His stellar career saw him play in the world’s finest concert venues and rub shoulders with film stars like the Oscar-winning Anglesey actor, Hugh Griffith, Richard Burton and Elizabeth Taylor as well as comedy legend Bob Hope.
According to festival director Elinor Bennett, herself an acclaimed harpist and teacher, Dr Ellis was a still a huge inspiration to her and fellow musicians around the world.
More than 100 harpists from countries as far afield as Japan, America, Russia and Thailand will be coming to the festival at Galeri in Caernarfon from Easter Sunday, on April 1, to Saturday, April 7.
The opening concert will see the premiere of a new poem, OSIAN, by the accomplished poet Mererid Hopwood. It is the inspiration for an imaginative new work for soprano, tenor, harp quartet, percussion and strings by the young Welsh composer and harpist Mared Emlyn who is collaborating with singer and harpist Gwenan Gibbard to present music in praise of Dr Ellis.
He was grateful but “terrified” that he was being honoured for doing something he loves.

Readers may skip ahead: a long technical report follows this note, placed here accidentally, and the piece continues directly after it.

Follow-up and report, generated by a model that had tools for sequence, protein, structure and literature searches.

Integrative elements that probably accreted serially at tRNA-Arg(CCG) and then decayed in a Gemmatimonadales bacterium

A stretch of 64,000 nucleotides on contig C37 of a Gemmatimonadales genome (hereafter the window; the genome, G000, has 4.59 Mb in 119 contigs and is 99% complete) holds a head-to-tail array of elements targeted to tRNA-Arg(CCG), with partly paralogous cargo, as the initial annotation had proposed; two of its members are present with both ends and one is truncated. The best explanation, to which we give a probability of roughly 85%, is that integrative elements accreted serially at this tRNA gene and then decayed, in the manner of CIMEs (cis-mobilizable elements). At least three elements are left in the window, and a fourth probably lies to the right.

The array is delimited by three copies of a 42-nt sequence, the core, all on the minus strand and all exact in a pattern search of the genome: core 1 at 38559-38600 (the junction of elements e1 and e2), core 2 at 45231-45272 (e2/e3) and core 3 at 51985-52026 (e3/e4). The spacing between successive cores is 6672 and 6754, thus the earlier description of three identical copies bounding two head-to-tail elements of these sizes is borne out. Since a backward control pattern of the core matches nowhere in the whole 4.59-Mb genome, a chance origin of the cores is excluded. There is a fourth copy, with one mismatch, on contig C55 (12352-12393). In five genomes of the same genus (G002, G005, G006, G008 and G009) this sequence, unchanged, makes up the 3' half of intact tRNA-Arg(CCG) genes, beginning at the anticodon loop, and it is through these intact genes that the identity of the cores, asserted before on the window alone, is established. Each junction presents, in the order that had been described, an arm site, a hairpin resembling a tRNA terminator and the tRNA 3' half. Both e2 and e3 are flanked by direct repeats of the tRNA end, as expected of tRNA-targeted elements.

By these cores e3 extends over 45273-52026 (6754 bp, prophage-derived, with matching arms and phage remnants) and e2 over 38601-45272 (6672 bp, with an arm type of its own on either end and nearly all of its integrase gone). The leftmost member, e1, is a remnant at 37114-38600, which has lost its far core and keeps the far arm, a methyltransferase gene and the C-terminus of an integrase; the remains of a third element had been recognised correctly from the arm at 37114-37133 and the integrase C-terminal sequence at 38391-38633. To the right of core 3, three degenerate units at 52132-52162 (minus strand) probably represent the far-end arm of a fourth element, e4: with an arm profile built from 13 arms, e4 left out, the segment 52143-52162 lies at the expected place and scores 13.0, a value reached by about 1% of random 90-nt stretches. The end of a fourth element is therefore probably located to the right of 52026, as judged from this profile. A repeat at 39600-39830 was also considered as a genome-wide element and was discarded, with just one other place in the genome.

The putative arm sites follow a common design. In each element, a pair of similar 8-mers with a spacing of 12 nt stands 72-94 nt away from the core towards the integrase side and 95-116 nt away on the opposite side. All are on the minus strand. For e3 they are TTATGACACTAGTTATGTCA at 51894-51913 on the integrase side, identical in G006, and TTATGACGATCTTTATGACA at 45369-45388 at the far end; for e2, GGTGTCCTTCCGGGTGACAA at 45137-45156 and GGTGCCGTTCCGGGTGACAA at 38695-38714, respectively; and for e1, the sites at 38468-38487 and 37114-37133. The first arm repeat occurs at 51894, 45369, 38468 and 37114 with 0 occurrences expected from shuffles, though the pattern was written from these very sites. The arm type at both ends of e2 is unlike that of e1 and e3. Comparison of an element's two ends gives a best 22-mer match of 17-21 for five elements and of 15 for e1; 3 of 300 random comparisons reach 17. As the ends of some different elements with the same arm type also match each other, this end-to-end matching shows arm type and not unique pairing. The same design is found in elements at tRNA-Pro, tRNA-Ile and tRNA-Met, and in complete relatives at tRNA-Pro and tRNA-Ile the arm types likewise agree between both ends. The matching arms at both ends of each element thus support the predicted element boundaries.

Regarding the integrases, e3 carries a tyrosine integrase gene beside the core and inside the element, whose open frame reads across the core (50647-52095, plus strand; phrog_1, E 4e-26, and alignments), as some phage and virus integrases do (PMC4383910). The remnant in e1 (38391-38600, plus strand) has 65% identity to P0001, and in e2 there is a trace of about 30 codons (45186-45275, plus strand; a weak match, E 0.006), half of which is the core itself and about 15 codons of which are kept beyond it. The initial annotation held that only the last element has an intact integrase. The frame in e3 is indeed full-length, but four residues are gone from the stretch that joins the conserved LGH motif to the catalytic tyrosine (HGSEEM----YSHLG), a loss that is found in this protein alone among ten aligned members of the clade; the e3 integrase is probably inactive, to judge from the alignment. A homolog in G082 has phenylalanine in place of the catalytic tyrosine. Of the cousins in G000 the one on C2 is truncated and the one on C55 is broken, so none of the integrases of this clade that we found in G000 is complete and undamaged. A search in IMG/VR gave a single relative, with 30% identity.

He revealed: “It’s growing as an event and that’s down to people like Elinor Bennett. It’s amazing how harp playing has blossomed in recent years. I’m proud Elinor was a student of mine.
“She has worked so hard stimulating young talented musicians and that is so important. It’s not just keeping music alive but breathing new life into music. To see harpists coming to North Wales from all over the world to celebrate the harp is wonderful.
“I’m playing the harp again after a 15-year break while I cared for my late wife Rene. I play the organ in the chapel at Pwllheli where I have lived for a number of years now.
“I’m enjoying writing music again and of course playing. I didn’t think I’d be able to play again but I surprised myself how easily I got back into playing.”
“When you play a great deal your fingers naturally harden but when they are soft and if you haven’t played for a number of years it can be quite tough.”
The son of a non-conformist minister, Dr Ellis was born in in Ffynnongroyw in 1928 and as a boy he was obsessed with two things – playing the harp and playing football.
He recalled: “I chose the harp because we had one at home. My mother, Jennie, was a good amateur harpist. My father was the Reverend Tomos Griffith Ellis so we moved around quite a lot as a family.
“We did spend some years living in Denbigh and I was the goalkeeper for Denbigh County School. The boys used to say I was better at football than the harp!
“I taught myself to play the harp to some degree and was encouraged by my mother. We played lots of little concerts around Denbigh during the war. I also had a wonderful teacher Alwena Roberts, who taught students right across North Wales.”